• Community: Egalitarian values rather than a hierarchy

External forces affecting surgeon leadership include “access to care (insurance reform) and payment reform,” Dr. Hoyt said. “For nearly 100 years, the ACS has led initiatives to improve quality in hospitals as well as the more specific fields of trauma, cancer, and surgical quality. Our experience has yielded systems, methodologies, and approaches that measurably improve the quality of care, save lives and prevent complications, and reduce the costs to the system,” he said, noting that when quality improves, costs decline.

2018 Advocacy Summit

The advocacy program of the 2018 Leadership & Advocacy Summit provided 358 attendees with the information and skills necessary to help shape health policy efforts in Washington, DC, and across the country.

Keynote speaker Nicolle Wallace, a political analyst, author, and former White House Director of Communications, spoke about the challenges involved in “decoding Trump to the media” and underscored the importance of keeping future generations engaged in politics. Ms. Wallace also spoke briefly about the polarizing issue of firearm-related violence and stressed the importance of finding common ground to develop sustainable solutions.

The following day—in preparation for pre-planned Hill visits with members of Congress—summit participants attended several educational sessions during which they were briefed on the ACS’ legislative priorities, including the opioid epidemic, the Pandemic and All-Hazards Preparedness Act (PAHPA), and cancer research and prevention. A total of 306 Advocacy Summit participants representing 45 states engaged in 275 meetings May 22 on Capitol Hill.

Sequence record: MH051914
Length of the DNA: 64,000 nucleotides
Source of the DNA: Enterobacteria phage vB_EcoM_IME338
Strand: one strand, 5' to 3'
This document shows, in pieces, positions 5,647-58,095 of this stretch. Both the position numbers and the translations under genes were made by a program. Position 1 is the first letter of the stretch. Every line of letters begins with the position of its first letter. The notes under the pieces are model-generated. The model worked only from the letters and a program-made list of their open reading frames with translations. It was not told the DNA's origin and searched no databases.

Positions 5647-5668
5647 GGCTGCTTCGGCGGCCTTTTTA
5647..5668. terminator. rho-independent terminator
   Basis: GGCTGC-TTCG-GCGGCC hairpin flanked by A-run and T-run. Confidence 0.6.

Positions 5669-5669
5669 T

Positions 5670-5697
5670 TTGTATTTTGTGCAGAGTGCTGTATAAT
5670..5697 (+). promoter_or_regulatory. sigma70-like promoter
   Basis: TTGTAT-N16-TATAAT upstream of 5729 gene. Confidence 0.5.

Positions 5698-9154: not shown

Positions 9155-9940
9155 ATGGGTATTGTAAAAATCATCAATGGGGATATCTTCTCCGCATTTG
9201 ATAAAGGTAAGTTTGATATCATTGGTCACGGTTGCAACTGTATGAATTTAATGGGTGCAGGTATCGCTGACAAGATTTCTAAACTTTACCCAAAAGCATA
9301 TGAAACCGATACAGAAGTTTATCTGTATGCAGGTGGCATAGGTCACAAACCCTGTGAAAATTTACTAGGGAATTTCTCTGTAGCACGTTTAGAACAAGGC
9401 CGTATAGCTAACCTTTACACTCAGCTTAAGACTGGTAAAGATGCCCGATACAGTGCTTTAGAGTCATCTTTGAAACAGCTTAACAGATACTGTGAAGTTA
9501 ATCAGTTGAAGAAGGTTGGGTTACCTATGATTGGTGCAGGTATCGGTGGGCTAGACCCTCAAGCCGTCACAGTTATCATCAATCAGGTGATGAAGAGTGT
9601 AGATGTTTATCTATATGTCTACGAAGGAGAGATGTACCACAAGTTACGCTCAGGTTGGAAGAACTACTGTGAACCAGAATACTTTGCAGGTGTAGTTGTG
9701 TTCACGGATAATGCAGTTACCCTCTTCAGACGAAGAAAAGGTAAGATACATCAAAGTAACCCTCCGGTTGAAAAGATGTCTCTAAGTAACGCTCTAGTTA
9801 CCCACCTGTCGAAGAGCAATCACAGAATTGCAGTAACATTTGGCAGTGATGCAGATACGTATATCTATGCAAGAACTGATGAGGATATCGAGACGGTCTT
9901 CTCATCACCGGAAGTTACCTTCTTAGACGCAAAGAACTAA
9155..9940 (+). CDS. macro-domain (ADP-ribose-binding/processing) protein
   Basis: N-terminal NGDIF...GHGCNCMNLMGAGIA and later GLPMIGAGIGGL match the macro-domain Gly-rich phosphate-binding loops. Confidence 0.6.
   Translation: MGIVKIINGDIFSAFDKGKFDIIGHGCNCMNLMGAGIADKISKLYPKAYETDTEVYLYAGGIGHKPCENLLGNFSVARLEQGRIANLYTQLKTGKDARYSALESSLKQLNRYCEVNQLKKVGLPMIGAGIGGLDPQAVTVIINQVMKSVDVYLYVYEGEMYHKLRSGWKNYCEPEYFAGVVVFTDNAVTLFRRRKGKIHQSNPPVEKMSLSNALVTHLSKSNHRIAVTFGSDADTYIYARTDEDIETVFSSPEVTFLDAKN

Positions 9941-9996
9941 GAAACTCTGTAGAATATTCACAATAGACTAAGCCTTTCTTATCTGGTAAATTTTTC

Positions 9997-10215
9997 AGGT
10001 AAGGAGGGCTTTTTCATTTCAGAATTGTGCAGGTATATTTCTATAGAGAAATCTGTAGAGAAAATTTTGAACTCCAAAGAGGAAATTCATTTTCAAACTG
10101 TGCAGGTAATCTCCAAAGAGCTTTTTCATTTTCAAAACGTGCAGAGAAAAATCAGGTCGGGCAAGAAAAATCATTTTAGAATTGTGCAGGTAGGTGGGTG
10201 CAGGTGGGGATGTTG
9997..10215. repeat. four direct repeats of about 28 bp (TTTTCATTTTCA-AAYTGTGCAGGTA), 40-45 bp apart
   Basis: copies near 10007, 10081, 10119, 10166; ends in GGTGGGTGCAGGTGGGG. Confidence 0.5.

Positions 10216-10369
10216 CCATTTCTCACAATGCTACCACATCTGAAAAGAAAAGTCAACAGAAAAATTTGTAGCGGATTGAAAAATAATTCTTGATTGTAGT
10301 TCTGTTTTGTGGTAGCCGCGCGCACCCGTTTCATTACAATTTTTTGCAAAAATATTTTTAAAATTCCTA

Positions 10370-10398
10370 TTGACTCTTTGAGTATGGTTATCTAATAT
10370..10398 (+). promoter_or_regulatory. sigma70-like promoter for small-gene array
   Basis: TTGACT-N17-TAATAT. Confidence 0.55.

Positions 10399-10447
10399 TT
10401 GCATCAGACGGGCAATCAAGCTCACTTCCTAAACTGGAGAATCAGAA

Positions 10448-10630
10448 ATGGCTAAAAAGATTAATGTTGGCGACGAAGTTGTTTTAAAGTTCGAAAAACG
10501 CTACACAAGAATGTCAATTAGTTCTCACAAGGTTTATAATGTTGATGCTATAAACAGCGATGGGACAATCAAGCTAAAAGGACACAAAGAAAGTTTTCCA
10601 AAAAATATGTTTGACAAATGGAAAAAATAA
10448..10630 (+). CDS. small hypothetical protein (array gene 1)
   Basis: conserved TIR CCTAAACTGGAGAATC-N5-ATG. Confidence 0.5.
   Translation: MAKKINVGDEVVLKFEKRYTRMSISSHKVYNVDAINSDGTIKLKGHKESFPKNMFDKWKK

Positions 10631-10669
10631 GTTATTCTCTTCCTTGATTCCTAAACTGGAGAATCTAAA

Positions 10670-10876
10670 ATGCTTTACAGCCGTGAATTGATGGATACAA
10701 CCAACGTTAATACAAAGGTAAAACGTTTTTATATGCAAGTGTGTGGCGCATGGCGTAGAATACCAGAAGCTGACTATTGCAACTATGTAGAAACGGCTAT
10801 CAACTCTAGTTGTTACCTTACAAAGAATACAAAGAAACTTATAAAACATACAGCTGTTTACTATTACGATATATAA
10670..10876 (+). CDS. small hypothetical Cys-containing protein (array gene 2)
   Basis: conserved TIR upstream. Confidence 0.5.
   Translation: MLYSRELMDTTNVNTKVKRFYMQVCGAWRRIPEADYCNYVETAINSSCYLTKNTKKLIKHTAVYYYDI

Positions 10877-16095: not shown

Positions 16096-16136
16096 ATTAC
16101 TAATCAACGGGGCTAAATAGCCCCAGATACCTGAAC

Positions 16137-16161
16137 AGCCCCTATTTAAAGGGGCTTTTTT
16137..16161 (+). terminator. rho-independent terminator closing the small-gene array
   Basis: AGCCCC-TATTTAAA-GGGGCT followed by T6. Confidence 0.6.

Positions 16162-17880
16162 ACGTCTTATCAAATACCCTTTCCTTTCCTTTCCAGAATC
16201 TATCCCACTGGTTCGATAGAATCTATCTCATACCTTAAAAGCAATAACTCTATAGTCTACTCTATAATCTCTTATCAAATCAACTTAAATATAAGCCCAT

In an effort to update attendees on the politics surrounding November’s election and their inevitable impact on Congress’ ability to move legislation forward, Monday’s luncheon, sponsored by the American College of Surgeons Professional Association (ACSPA)-SurgeonsPAC, featured speakers from the Democratic Congressional Campaign Committee (DCCC) and the National Republican Congressional Committee (NRCC). The evening concluded with a reception for 2018 SurgeonsPAC members who were able to speak one-on-one with members of Congress who also attended the event.

Understanding strategic advocacy

“In 2017 and 2018, approximately 6,000 bills were introduced in the House, and 3,000 in the Senate. A total of 171 bills have been signed into law, which is approximately 2 percent,” said Christian Shalgian, Director, ACS Division of Advocacy and Health Policy, stressing the importance of strategic advocacy efforts. Mr. Shalgian recommended framing each potential health care policy issue by addressing key questions, including the following: Where did the issue originate? Is the political climate ripe for taking action? What is the likelihood of success? Does the ACS have a role in the issue?

Using this model, ACS staff presented an overview of key ACS legislative efforts centered on the following issues: implementation of the Medicare Access and CHIP (Children’s Health Insurance Program) Reauthorization Act (also known as MACRA), firearm-related violence prevention, the opioid epidemic, and graduate medical education.

Patients over paperwork

“CMS [Centers for Medicare & Medicaid Services] publishes nearly 11,000 pages of regulations every year. Some of these regulations are necessary to ensure patient safety and program integrity, but many are overly burdensome, forcing providers to spend more time on paperwork than they do with their patients,” said Jean Moody-Williams, Deputy Director, Center for Clinical Standards and Quality, CMS.